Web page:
Dear Airlines, Stop Nickel and Diming Me

Give a voice to the voiceless!

The top 26 U.S. airlines generated $12.7 billion in profits last year. That is up from $98 million in 2012. These figures come from the federal government’s Bureau of Transportation Statistics, and no, that isn’t a typo. It was “B” billions last year and “M” millions in 2012. And I am thrilled to bits that the industry has recovered from the Great Recession, but the way it has done so pisses me off.

Revenue was $199.7 billion last year with $120.6 billion of that coming from collecting fares. There was also $3.3 billion in baggage fees, and $2.8 billion from reservation change fees. The Bureau doesn’t break out other fees like Wi-Fi and other on-board extras, but you don’t have to be a CPA to see there’s $79.1 billion in revenue that didn’t come from fares.

“We have every fee known to man,” said Rick Seaney, chief executive of the travel site Farecompare.com. “That tells you why there are profits now.”

Time just reported, “According to the Department of Transportation, airlines operating in the U.S. collected $797 million in baggage fees during the fourth quarter of 2013, and $3.35 billion in baggage fees for the entire year. Those are huge numbers, but they actually represent a decline from the year before: Baggage fees for the fourth quarter of 2012 totaled $823 million, while the sum for all of 2012 was $3.49 billion. In other words, the airlines took in roughly $100 million less in passenger baggage fees last year.”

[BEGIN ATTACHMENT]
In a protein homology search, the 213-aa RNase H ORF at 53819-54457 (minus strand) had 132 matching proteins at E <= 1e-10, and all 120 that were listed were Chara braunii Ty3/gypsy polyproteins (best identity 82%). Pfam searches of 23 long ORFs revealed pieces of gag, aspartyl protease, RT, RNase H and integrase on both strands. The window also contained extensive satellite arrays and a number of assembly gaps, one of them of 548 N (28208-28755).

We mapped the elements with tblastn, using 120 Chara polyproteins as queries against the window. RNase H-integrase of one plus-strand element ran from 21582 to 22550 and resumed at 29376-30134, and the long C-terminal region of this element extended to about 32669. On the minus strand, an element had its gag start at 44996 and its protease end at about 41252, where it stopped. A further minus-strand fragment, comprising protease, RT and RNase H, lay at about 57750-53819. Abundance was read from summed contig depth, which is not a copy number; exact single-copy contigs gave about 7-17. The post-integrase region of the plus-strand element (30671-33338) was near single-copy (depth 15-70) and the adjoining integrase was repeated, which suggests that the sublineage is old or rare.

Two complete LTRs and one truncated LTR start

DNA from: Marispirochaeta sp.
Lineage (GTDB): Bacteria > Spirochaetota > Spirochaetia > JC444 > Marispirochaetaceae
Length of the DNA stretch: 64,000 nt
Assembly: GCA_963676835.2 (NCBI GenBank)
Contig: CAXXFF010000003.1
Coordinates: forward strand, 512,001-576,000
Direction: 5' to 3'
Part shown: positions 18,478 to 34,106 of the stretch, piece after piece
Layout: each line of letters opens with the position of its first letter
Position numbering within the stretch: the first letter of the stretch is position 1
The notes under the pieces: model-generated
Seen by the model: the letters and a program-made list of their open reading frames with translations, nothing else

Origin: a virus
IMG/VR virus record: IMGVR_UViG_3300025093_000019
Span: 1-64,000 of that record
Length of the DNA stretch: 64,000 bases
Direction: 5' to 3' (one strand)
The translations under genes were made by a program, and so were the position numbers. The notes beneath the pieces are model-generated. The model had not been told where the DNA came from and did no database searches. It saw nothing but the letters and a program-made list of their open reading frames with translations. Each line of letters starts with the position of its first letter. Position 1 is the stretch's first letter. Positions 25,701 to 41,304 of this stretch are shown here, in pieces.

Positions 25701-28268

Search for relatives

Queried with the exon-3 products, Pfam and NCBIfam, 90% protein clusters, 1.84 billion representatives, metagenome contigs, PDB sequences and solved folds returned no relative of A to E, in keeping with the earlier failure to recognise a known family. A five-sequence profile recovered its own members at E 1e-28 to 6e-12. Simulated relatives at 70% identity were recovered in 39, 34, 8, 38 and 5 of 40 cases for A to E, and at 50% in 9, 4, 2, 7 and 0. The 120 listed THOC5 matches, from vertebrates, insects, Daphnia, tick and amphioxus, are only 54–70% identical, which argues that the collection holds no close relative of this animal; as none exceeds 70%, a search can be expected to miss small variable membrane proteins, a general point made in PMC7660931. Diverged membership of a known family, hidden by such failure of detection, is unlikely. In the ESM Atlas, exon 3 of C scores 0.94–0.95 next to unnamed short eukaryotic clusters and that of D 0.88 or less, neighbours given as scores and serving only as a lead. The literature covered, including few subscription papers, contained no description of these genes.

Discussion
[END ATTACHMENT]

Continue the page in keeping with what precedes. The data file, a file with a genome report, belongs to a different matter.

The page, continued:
In other words, the traveling public is fighting back. Like rational actors in economic theory, they are responding to market forces by altering their behavior. They pack less and travel with just a carry-on (although some airlines charge for that now). Or they book with an airline that lets you (yes, “lets” like you have their permission to do this) bring one bag for free. Or they use a certain credit card that is tied to a certain airline so that the bag travels “free” — they’ll pay for that in credit card fees and interest.

To an economist interested in efficiency, nothing could be better. The whole thing is transparent, you see the cost of everything.

To a person who remembers how flying used to be, the whole thing isn’t so much transparent as it is tacky and vulgar. I realize we probably aren’t going back to little boys wearing ties on the plane any more than we are going to dispose of metal detectors. And the complementary booze was probably never a good idea, although I once flew from New York to Montreal on Chile-based LAN Airlines (I know, it was weird) and had a whisky before take-off. I would have put up with quite a delay on the ground, I confess.

What it comes down to is this: Flying shouldn’t be the complete and unbridled misery that it has become. Getting there used to be half the fun; now, it isn’t any of the fun. There are still airlines that make flying at very least tolerable — Lufthansa, SAS, Etihad. Yes, you pay a bit more. Yes, you get a lot more.

So I am appealing to the American airline industry: Please stop telling me the fare is $99 and then adding on extras so I have to shell out $300. I will pay $350 just to call an end to the extra fees.

Give a voice to the voiceless!

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